Without respect, there is revolt. (Respect of time, of personal cost, of talent and individual contribution.) As mildly mannered as I am, I have revolted a couple times when I did not feel respected in a cast. Money or not, without respect it is easy to lose the passion with which you started. Without the passion, you can easily lose the drive and then the commitment follows quickly after.
5. Decisiveness
It’s all great having a bunch of wonderful ideas, but if you can’t ever settle on which one to use, the vision is diluted and the process and product suffer.

When all of these factors are at play, I believe beautiful art can be made.

Since writing this bog about Julius Caesar I also participated in the 8 Hour SIFF Film Challenge and the 48 Hour Film Project and I would say that the same rules apply. What about you? Would you add anything? Take anything away? What have been your experiences?

The 48 Hour Film Project


This last weekend I did my second 48 Hour Film Project and, again, I had a blast!

This time it was Horror themed, one of the first 48 hfp of that kind. IMG_0859At 7pm last Friday, the team leaders gathered to get their designated genre(Gothic/Vampire), character (Dr. Lyle Pentegrass), prop(a pineapple), and line of dialogue(“That’s it! I’m going back to school.”). The writers wrote into the wee hours of the morning. I joined the team at 4:30am on Saturday to drive to our set location in Yelm, WA. The team assembled at 7am to start filming. We filmed until midnight. At that point I went home. The crew filmed a couple more shots and the editing continued through Sunday until our film, “Empty,” was turned in, 48 hours after the whole process began.  Tuesday night, all of us gathered at SIFF Cinema Uptown to watch what we had created. Of course, the quality ranged from “Huh?” to “Wow!” But whatever our reactions, we all had to admire that these films were made at all, and more so, in 48 hours. What a thing to celebrate!!!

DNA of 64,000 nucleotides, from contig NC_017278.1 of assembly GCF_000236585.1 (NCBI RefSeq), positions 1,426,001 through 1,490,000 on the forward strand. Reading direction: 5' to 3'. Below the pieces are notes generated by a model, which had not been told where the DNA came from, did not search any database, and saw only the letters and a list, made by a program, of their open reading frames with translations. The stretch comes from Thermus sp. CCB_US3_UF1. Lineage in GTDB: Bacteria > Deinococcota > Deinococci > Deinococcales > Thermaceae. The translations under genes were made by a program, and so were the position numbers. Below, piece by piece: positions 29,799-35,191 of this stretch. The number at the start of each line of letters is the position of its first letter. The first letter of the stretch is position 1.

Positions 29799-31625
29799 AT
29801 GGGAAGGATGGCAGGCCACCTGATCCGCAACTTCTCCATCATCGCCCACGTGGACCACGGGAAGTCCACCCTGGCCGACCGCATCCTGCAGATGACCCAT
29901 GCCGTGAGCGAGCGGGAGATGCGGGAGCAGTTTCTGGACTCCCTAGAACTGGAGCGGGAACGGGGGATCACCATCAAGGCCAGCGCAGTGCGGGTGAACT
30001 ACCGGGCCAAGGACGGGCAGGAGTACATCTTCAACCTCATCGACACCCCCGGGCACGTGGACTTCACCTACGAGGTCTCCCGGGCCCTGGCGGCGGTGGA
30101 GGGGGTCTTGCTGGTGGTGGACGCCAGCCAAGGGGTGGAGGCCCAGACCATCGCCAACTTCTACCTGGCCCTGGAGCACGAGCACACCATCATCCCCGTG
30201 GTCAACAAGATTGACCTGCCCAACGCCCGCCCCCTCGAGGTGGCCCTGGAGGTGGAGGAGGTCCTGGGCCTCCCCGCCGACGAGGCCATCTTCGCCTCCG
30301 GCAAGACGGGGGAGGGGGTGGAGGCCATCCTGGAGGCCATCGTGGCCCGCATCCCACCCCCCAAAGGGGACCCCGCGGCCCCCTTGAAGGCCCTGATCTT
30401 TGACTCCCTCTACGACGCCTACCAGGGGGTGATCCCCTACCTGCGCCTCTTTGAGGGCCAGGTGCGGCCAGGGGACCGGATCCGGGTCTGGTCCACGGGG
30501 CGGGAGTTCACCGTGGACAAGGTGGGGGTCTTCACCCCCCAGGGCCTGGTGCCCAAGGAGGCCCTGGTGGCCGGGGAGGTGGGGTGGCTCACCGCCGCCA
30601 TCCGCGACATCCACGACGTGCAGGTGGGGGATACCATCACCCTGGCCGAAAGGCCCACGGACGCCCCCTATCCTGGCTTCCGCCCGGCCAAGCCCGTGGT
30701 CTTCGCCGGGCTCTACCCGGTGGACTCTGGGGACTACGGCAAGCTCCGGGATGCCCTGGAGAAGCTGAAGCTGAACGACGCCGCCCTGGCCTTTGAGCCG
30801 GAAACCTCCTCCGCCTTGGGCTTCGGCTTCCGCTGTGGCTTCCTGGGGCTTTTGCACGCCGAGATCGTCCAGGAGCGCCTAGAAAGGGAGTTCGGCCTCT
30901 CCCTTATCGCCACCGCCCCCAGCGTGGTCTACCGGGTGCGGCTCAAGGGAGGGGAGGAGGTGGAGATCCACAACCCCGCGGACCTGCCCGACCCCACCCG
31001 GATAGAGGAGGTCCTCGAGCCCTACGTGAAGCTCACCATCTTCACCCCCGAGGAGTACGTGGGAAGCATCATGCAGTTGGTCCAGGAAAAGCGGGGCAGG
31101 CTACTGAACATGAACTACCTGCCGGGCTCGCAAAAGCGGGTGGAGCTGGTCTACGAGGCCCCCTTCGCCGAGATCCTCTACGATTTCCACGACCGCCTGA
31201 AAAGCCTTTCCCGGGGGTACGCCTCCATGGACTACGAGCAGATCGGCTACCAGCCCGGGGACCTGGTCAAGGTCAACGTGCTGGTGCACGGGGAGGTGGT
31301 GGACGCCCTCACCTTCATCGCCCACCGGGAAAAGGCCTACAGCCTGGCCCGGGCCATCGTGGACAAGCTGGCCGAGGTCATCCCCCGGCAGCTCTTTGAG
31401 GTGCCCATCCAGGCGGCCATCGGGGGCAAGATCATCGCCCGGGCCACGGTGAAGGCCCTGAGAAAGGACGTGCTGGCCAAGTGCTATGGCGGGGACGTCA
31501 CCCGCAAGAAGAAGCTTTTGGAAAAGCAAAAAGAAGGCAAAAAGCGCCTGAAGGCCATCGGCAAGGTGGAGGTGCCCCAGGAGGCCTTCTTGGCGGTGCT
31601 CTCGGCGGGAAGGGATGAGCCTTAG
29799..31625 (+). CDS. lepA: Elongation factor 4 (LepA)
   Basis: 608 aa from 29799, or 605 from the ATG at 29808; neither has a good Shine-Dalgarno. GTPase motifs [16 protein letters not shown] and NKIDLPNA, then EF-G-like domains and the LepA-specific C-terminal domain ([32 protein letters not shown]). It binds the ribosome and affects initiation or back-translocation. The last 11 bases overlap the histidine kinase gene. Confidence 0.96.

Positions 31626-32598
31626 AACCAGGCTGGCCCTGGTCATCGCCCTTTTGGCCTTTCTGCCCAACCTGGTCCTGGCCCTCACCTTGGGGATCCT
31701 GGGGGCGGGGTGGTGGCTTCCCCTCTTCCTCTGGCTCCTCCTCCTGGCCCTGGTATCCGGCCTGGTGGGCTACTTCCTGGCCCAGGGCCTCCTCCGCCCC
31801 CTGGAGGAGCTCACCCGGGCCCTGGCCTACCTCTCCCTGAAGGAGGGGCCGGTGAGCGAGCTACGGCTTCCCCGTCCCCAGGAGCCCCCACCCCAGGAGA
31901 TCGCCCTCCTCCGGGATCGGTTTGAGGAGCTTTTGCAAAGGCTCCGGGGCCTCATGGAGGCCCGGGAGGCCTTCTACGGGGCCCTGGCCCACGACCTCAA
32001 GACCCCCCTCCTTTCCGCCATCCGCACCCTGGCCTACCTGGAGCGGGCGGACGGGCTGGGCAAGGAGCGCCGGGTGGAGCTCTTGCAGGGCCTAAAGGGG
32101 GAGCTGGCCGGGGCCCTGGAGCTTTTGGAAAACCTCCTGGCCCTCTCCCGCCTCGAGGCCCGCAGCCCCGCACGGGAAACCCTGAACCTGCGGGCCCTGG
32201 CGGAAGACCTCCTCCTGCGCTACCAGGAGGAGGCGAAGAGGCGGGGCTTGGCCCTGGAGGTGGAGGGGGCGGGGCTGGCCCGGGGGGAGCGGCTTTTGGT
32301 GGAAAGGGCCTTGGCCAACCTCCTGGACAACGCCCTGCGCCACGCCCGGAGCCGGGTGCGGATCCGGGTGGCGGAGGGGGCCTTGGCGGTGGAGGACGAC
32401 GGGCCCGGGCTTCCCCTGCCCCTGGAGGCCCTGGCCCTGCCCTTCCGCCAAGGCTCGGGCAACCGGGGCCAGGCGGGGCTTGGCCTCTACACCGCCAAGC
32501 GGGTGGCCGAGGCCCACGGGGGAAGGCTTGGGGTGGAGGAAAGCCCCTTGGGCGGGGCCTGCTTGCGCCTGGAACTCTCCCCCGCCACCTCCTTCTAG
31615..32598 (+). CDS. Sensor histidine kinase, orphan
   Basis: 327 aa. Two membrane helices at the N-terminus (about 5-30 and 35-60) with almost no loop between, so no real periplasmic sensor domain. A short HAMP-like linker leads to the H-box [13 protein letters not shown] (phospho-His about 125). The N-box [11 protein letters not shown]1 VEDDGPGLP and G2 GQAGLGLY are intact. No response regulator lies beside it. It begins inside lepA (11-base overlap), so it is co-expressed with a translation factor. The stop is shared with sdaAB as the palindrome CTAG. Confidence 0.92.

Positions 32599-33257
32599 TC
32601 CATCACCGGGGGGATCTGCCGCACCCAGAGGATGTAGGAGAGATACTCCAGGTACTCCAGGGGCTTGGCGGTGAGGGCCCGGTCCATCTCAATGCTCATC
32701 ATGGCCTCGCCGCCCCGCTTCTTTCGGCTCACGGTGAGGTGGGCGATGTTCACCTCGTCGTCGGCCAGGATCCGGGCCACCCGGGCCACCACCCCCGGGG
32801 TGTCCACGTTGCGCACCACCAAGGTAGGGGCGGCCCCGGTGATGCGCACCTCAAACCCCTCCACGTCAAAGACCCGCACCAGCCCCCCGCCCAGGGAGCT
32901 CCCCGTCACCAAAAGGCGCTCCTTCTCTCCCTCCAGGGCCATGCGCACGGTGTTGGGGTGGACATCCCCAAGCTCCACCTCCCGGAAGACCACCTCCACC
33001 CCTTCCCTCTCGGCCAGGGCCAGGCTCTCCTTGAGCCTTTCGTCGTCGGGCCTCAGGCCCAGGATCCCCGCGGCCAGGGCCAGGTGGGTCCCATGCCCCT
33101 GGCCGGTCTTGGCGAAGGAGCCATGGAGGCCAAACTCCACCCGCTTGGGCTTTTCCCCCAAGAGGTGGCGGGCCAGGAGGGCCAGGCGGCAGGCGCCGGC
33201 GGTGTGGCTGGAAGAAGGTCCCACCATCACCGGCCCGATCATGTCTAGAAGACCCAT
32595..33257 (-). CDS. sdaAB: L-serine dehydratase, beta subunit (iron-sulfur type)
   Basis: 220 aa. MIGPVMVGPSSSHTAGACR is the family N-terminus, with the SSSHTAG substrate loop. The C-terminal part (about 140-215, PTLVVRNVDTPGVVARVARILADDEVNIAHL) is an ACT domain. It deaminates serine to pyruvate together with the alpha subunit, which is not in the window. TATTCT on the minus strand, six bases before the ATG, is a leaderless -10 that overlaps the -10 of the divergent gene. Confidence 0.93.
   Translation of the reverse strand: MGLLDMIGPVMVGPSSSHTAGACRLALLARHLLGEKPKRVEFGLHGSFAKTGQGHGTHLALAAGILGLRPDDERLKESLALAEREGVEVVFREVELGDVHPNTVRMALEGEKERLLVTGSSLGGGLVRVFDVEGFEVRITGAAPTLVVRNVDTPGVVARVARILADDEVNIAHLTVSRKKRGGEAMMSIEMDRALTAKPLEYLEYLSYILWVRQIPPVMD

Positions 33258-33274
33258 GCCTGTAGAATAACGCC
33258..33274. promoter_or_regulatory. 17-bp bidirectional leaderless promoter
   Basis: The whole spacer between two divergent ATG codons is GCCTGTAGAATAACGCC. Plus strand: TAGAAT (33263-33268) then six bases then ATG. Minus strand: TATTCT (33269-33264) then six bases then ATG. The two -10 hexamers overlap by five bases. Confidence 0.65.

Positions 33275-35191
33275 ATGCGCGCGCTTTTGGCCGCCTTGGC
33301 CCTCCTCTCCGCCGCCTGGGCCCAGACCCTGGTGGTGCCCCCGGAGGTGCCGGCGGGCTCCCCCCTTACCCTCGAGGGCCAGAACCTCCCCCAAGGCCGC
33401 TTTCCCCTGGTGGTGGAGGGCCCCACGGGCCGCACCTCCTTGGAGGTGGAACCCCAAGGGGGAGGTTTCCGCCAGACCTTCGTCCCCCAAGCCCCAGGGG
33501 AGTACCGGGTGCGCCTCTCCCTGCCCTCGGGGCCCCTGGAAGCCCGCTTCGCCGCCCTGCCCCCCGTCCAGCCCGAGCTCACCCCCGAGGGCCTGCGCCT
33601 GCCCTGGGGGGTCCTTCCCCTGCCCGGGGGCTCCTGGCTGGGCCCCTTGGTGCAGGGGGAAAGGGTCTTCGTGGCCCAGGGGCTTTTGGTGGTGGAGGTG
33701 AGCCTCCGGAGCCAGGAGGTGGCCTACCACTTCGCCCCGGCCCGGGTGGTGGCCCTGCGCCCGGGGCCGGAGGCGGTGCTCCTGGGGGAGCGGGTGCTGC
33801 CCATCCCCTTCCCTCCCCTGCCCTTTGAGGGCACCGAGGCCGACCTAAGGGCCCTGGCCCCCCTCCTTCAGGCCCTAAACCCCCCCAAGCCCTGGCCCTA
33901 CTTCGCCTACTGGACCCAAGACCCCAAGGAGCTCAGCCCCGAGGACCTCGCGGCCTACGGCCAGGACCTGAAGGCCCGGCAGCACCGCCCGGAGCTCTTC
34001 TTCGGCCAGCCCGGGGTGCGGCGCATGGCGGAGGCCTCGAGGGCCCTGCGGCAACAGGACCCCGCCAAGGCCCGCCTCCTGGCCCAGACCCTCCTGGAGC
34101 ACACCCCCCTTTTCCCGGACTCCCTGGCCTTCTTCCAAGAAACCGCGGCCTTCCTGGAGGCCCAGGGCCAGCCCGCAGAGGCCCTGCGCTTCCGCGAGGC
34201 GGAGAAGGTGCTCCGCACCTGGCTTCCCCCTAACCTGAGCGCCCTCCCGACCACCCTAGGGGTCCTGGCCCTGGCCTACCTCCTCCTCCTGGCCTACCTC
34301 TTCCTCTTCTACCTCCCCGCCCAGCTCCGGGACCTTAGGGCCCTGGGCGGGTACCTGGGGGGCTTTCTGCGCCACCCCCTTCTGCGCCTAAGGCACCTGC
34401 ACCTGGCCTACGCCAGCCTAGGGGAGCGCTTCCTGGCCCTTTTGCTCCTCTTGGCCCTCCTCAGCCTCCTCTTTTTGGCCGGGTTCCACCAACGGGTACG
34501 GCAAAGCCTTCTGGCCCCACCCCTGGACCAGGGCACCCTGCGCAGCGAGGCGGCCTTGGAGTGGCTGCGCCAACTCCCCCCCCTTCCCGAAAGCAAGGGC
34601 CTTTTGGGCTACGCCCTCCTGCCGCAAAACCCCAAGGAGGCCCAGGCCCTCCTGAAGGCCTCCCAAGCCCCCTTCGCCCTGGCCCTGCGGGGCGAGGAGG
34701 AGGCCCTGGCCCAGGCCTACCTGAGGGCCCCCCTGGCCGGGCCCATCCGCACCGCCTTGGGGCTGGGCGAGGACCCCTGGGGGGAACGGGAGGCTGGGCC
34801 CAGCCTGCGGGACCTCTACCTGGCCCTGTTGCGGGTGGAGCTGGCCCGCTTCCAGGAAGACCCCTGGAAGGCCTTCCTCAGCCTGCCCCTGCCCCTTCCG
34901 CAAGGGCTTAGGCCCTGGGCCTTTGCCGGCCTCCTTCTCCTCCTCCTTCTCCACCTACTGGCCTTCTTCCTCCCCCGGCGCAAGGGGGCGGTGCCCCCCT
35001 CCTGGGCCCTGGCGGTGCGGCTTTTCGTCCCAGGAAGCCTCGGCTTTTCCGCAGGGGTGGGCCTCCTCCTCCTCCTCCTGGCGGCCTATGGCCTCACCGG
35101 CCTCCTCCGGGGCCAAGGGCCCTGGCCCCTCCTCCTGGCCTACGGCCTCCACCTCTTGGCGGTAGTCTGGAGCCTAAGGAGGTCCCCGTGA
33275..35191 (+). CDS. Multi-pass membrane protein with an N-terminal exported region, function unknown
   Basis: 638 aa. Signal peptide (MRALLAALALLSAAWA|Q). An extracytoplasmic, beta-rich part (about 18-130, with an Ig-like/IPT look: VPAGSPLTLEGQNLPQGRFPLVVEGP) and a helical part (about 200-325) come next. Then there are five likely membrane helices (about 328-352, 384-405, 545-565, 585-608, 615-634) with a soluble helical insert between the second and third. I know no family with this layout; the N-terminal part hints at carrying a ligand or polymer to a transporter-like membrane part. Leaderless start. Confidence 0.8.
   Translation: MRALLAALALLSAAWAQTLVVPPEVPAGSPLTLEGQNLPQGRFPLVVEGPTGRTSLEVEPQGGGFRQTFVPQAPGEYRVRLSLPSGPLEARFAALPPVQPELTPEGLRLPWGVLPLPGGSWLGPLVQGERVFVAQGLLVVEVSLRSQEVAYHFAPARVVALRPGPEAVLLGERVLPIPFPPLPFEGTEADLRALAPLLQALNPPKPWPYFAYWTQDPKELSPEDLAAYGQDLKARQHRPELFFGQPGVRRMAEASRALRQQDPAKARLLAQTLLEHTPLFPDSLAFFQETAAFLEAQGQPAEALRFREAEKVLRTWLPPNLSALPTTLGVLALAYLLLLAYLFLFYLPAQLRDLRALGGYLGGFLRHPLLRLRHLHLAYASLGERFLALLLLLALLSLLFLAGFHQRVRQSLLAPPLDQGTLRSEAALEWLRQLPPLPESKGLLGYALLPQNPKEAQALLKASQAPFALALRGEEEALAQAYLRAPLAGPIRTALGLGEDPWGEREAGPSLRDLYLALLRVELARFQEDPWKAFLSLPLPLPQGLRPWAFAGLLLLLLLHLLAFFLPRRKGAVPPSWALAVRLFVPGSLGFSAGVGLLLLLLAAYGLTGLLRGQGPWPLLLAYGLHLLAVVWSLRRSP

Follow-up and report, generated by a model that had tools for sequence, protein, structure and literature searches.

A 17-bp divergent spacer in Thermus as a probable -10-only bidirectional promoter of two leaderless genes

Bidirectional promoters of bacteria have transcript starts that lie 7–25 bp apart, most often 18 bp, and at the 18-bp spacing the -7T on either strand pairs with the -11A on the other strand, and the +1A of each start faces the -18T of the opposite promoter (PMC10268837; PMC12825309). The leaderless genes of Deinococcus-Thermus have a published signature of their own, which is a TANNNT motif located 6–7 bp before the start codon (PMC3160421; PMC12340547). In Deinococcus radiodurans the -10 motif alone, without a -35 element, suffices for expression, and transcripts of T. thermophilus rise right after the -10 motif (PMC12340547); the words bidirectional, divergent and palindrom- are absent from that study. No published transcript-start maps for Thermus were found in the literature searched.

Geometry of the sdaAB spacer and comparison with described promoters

A friend of mine, outside of the industry, recently asked me how he could get started making films. My answer? The 48 Hour Film Project. Not only is it one of the best ways to get started doing film, it is one of the best ways to keep practicing.

As I told you in one of my first blogs, The 48 Hour Film Project was my first exposure to acting on camera. It was one of the most exciting and incredible experiences I’ve ever had…. and I learned so much as an actor! As a film maker, I think the experience would be even more valuable. There are a few advantages The 48 Hour Film Project has over starting out on your own.

  • Time Limits: Everything must happen within 48 hours, from the first word that is typed to the last moment of rendering. This means you can’t labor over your decisions, just do it until you get it done!
  • Content Parameters:  If you struggle narrowing down your ideas, the 48 hfp is great because it gives you limitations. Every team pulls a genre out of a hat (different for each teach) and a character, prop, and line of dialogue are each drawn randomly to be used by every team.
  • Accountability: I don’t know about you, but knowing that someone is waiting for me to finish something, sure makes me work faster and harder.
  • Reward: Your movie is shown on the big screen! How cool is that!? And… you have the chance to win awards, like Best Film, Best Acting, Audience Choice… etc. Pretty cool!

All THAT and it might be your first time making a movie. Whether or not your film wins any awards, I bet you will be glad that you did it! So, if you’re wondering how or where to get started, look it up. Chances are there one near year. Go for it! Make a movie!

L.A. here I come!

It’s been a long time coming…